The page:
#NY ’s energy storage roadmap for a clean, flexible grid RSS Feed

NY’s energy storage roadmap for a clean, flexible grid

New York State has released its Energy Storage Roadmap delineating the path forward for an ambitious and rapid scaling up of projects in New York to reach a goal of 1.5 gigawatts (GW) of energy storage by 2025. The state estimates that the total benefits for New York from this amount of storage would be more than $2 billion, and that it will also avoid more than 1 million tons of carbon pollution over 10 years, by avoiding use of the most polluting power plants during system peaks (the days and times with the highest electricity demand). There will be a larger goal for 2030 to be announced later this year, as required by legislation signed in 2017.

Currently there are almost 60 megawatts (MW) of installed energy storage available to serve New York utility customers, with another 500 MW in planning stages.

The Roadmap includes recommendations for actions to be implemented in the short term to accelerate the adoption of storage projects across the state, including:

– Lots of funding: $350 million in market acceleration incentives, including a $200 million investment in storage-related projects from the New York Green Bank, and inclusion of solar plus storage projects in an expanded NY-Sun program

– Changing utility rates, utility solicitations, and carbon values to reflect the benefits and values of storage projects to the electric system

– Continued efforts to address permitting and siting challenges and reduce soft costs for installation of the batteries that store energy

– Recommend changing wholesale electricity market rules to encourage storage participation, including allowing use of storage for both distribution system and wholesale system needs, which will provide greater value for utility customers

Importance of Storage

Energy storage allows greater integration of renewable energy in the New York State electricity market where utilities buy power, by charging when renewables’ output is high and discharging when there is more demand. There are also changes happening in the New York State grid that make near-term build out of significant storage resources even more valuable, including the planned shutdown of the troubled Indian Point nuclear plant north of New York City, and the state’s Clean Energy Standard, requiring half of the state’s electric load to be powered by renewables by 2030.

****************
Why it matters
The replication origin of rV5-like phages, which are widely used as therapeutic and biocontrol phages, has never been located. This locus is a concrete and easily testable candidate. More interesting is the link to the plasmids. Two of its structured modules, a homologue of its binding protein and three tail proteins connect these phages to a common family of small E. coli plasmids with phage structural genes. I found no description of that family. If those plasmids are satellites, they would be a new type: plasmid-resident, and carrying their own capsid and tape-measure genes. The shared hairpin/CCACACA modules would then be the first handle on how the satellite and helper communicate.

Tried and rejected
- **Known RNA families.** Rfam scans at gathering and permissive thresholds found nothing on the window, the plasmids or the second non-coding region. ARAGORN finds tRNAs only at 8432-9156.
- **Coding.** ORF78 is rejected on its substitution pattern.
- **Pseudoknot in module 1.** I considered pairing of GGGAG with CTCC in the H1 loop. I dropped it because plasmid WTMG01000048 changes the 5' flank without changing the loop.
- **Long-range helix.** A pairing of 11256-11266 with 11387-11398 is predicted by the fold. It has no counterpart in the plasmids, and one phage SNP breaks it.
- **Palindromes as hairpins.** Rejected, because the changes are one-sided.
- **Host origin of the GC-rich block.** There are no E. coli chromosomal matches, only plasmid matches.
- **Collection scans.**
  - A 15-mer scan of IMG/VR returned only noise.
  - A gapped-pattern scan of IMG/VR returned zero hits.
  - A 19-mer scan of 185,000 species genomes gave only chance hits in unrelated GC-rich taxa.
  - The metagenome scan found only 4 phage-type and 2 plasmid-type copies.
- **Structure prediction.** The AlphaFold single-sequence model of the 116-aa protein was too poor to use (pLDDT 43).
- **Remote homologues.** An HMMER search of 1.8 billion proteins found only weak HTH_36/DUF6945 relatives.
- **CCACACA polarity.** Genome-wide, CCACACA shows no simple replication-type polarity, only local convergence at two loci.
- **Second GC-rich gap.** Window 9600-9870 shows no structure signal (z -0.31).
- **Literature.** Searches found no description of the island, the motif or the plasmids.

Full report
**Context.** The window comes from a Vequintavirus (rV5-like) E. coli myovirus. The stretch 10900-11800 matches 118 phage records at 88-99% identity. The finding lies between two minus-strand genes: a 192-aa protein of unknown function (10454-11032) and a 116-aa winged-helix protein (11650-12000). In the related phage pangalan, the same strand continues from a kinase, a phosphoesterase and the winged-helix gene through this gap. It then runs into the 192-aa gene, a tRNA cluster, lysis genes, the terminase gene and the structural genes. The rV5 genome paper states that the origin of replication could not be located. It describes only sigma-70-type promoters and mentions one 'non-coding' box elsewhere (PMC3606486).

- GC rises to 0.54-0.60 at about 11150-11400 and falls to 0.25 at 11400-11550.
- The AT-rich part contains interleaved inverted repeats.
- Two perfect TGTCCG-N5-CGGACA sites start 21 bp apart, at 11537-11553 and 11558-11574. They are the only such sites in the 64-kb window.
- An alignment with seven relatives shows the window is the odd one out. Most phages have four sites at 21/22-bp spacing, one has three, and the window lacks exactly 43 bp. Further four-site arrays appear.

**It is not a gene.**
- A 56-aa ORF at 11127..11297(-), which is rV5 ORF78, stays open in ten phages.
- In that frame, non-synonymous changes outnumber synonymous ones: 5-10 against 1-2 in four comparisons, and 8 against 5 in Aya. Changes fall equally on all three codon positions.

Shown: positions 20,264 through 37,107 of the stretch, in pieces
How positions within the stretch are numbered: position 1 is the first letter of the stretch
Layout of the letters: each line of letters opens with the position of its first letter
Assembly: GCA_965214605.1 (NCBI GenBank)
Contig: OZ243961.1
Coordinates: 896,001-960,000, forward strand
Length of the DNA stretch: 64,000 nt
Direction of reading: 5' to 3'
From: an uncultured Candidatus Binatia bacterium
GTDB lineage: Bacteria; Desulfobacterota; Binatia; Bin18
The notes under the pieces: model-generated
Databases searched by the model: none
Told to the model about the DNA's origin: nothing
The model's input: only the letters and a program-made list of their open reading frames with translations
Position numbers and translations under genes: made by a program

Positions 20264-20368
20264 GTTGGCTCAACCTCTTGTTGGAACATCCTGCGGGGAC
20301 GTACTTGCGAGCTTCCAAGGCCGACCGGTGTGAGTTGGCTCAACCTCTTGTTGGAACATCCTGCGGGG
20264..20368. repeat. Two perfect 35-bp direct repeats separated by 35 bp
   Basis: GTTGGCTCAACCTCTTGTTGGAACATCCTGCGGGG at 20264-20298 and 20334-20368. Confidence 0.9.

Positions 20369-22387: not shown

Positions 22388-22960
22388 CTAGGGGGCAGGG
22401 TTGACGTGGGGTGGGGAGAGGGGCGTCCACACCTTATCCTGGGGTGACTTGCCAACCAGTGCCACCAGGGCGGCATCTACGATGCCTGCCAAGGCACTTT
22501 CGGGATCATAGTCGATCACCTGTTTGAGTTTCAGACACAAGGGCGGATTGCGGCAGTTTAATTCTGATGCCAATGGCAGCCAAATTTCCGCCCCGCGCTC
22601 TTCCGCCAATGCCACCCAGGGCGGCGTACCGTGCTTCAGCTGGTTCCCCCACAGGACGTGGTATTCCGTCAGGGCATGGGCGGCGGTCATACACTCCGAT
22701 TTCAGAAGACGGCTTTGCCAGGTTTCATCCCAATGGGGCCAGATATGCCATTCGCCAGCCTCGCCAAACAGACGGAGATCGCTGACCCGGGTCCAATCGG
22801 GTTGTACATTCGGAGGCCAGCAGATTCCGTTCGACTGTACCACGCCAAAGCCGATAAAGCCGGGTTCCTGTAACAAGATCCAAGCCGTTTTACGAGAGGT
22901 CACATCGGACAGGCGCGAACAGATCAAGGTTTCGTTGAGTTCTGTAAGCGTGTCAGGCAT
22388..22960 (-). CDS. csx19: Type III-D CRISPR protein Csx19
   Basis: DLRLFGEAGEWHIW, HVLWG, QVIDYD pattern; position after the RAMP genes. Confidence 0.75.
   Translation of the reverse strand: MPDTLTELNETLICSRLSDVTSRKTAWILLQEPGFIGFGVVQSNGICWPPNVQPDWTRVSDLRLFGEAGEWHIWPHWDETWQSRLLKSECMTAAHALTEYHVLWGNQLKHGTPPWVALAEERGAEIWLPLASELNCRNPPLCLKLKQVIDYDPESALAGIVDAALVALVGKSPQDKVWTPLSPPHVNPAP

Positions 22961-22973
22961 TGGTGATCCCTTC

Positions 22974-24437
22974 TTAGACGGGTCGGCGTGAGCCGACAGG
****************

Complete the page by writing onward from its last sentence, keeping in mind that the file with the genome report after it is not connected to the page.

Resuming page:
There are three segments of the storage market outlined in the Roadmap, which are each projected to reach 500 MW, approximately equal thirds of the goal:

Customer‐sited storage and paired on‐site solar and storage:
Includes batteries that can take electricity from the grid and/or from on-site solar systems, as well as microgrids, and vehicle-grid integration (electric vehicle charging management).

Distribution system:

Includes expanded non‐wires alternatives to traditional utility infrastructure, community distributed (locally produced) generation (CDG) and storage, and storage that uses the energy regenerated when electric trains brake.

Large scale system:

Includes large scale storage with renewables and standalone storage for specific uses, including grid services (capacity, ancillary services, short‐duration frequency regulation), to make the grid work better, and hybridizing peaker plants with onsite storage so they can run more cleanly.

The Roadmap also details opportunities to reduce soft costs, and references the City University of New York Distributed Generation Hub’s work with a broad partnership to address barriers and challenges. Their site has a number of technical resources to assist owners, installers, and local permitting agencies with some of the complex issues related to solar-plus-storage projects. As the market expands quickly, addressing these issues will be critical.

Environmental Benefits

The significant pollution savings estimated in the Roadmap are also discussed in its draft generic environmental impact statement, which includes a map of peaker plants (that produce more pollution than other power plants) and only operate on the days when there is the most demand on the electric grid (map below). …

Read full article at NRDC